The coastal ocean most directly links deep water to human society, and as such has long been the subject of fascination, study, and appreciation. The small-scale processes our group focuses on play a dramatic role in the coastal ocean, setting the distribution of everything from pollutants to biologically essential nutrients that underlie the health of our fisheries and nearshore ecosystems.
Some of our work focuses on the role of so-called internal tide ‘solitons’ that are fairly ubiquitous in coastal areas. Many of our projects through the world involve study of internal waves (waves propagating not on the surface but on density interfaces within the ocean interior), often created by tidal flow over topography. When such waves propagate into increasingly shallow water, they often steepen up into very sharp, steep soliton trains. Though the primary action is sub-surface, near-surface convergences and divergences create the appearance of ‘slicks’ on the ocean surface that are often visible (e.g. this photo**). The full complexity of the sub-surface structure of such waves can be visualized with a new fiber optic temperature sensing system, innovative technology developed for this application by Rob Pinkel and Drew Lucas. An example of such measurements can be seen in Figures ** drew_fig1 and drew_fig3. (get captions from Drew for these).
Internal waves play a particularly complex role in the sharp and often deep canyons that are frequently found on the West Coast of North America. Amy Waterhouse led 2012 fieldwork with Ruth Musgrave that investigated internal tide breaking and associated turbulence in Eel Canyon, near Mendocino (http://journals.ametsoc.org/doi/10.1175/JPO-D-16-0073.1 and project website: https://sites.google.com/site/mixingatthemargins/blog). Closer to home, several group members have active projects in La Jolla Canyon, in our own backyard. Here large internal tides interact with mean flows and the sharp canyon bathymetry to greatly enhance the amount of turbulence, and turbulent upwelling of biologically essential nutrients within the canyon. We suspect this why La Jolla Canyon is oft observed to be a biological hot spot! (link to Jess C-G work?). Graduate student Maddie Hamann recently led a UC Ship Funds project to more closely study processes within LJ Canyon, and she is providing a figure ***. Complimenting that, Drew Lucas is maintaining a uniquely long-term wire-walker record within the Canyon (**Figure?). Do you want a link to the RBR real time data website here?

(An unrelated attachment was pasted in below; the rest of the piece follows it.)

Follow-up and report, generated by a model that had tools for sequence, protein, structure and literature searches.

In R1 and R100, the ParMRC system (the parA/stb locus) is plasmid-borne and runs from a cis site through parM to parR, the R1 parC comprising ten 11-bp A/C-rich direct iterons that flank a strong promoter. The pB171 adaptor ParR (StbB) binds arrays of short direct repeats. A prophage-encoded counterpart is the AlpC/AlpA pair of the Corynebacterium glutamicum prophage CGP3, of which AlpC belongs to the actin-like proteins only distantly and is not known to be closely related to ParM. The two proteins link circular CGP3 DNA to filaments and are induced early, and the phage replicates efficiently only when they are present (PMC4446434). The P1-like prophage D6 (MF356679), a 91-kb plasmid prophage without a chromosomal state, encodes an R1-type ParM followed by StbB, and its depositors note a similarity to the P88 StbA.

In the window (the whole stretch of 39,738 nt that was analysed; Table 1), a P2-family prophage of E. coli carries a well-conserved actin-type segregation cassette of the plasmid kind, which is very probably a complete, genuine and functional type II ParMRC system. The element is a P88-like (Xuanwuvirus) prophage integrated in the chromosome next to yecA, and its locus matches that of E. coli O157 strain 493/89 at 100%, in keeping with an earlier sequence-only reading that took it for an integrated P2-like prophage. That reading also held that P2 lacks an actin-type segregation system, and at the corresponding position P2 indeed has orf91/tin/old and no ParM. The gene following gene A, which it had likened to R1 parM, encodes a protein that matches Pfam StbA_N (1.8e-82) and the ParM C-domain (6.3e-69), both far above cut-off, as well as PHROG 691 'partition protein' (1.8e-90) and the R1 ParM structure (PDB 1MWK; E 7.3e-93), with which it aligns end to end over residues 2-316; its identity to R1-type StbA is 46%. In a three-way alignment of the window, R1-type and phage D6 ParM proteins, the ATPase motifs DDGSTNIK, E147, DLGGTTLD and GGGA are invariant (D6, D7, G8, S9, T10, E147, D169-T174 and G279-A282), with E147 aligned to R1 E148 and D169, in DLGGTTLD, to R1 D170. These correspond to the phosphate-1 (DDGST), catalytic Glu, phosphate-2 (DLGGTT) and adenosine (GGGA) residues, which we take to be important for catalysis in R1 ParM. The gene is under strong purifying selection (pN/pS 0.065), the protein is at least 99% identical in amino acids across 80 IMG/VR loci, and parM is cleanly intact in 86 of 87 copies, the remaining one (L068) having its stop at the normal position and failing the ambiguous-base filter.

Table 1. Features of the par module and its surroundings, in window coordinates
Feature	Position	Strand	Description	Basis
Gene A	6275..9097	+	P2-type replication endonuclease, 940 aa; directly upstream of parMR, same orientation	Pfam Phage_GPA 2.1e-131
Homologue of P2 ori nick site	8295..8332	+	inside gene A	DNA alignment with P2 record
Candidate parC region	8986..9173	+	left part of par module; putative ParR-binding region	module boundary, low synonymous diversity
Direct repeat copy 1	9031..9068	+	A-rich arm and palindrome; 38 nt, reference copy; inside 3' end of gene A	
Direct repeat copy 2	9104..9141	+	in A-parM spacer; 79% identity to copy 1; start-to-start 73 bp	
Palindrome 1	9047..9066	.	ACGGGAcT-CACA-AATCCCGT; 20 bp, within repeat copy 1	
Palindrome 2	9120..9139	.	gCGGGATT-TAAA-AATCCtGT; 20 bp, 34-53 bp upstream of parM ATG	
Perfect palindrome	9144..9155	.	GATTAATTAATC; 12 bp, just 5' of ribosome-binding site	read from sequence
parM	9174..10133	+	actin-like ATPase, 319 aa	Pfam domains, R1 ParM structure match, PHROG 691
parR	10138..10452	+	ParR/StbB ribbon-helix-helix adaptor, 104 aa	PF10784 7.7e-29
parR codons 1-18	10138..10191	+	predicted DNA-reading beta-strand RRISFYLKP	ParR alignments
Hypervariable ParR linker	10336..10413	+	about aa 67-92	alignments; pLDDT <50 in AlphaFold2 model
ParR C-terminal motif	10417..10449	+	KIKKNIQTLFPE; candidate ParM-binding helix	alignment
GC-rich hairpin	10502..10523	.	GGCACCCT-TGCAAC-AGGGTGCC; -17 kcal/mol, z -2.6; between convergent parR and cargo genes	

The complex interaction between coastal currents, their instabilities, internal waves, turbulence, and ecosystems is important not just in canyons, but throughout coastal California and around the world. Amy Waterhouse and Jen MacKinnon are participating in a large Office of Naval Research funded project to assess the interplay of these processes near Pt Sal California. Graduate student André Palóczy will be leading an affiliated UC Ship Funds project to focus on the role sub-mesoscale coastal current instabilities play in mediating cross-shelf exchange of heat, nutrients and pollutants. More information on that project can be found here: https://scripps.ucsd.edu/projects/innershelf/. Watch for updates as that fieldwork season arrives, September 2017.
CASE: Schematic of plume dispersal pathways in a complex, time-dependent environment.
The density of the plume as it reaches the surface is a function of the density in the ambient waters at the time of discharge. Since most mixing happens within meters from the discharge location, the near-bottom ambient temperature and salinity is of primary importance. The near-bottom temperature varies with the internal tide, implying time variability in the plume density.
On occasion, the surfacing plume can be cold enough (i.e. dense enough) and the adjacent, aged plume waters warm enough, that the surfacing plume waters can subduct and spread at depth (red and blue arrows on the right hand panel). In such circumstances, tracking lateral dispersion is complicated by the difficulty of measuring currents at depth along a particular trajectory. Thus the three-dimension environmental variability of the discharge location, as well as discharge/environment feedback, are critical to predicting plume dispersal.
Is there a DCM in your coffee?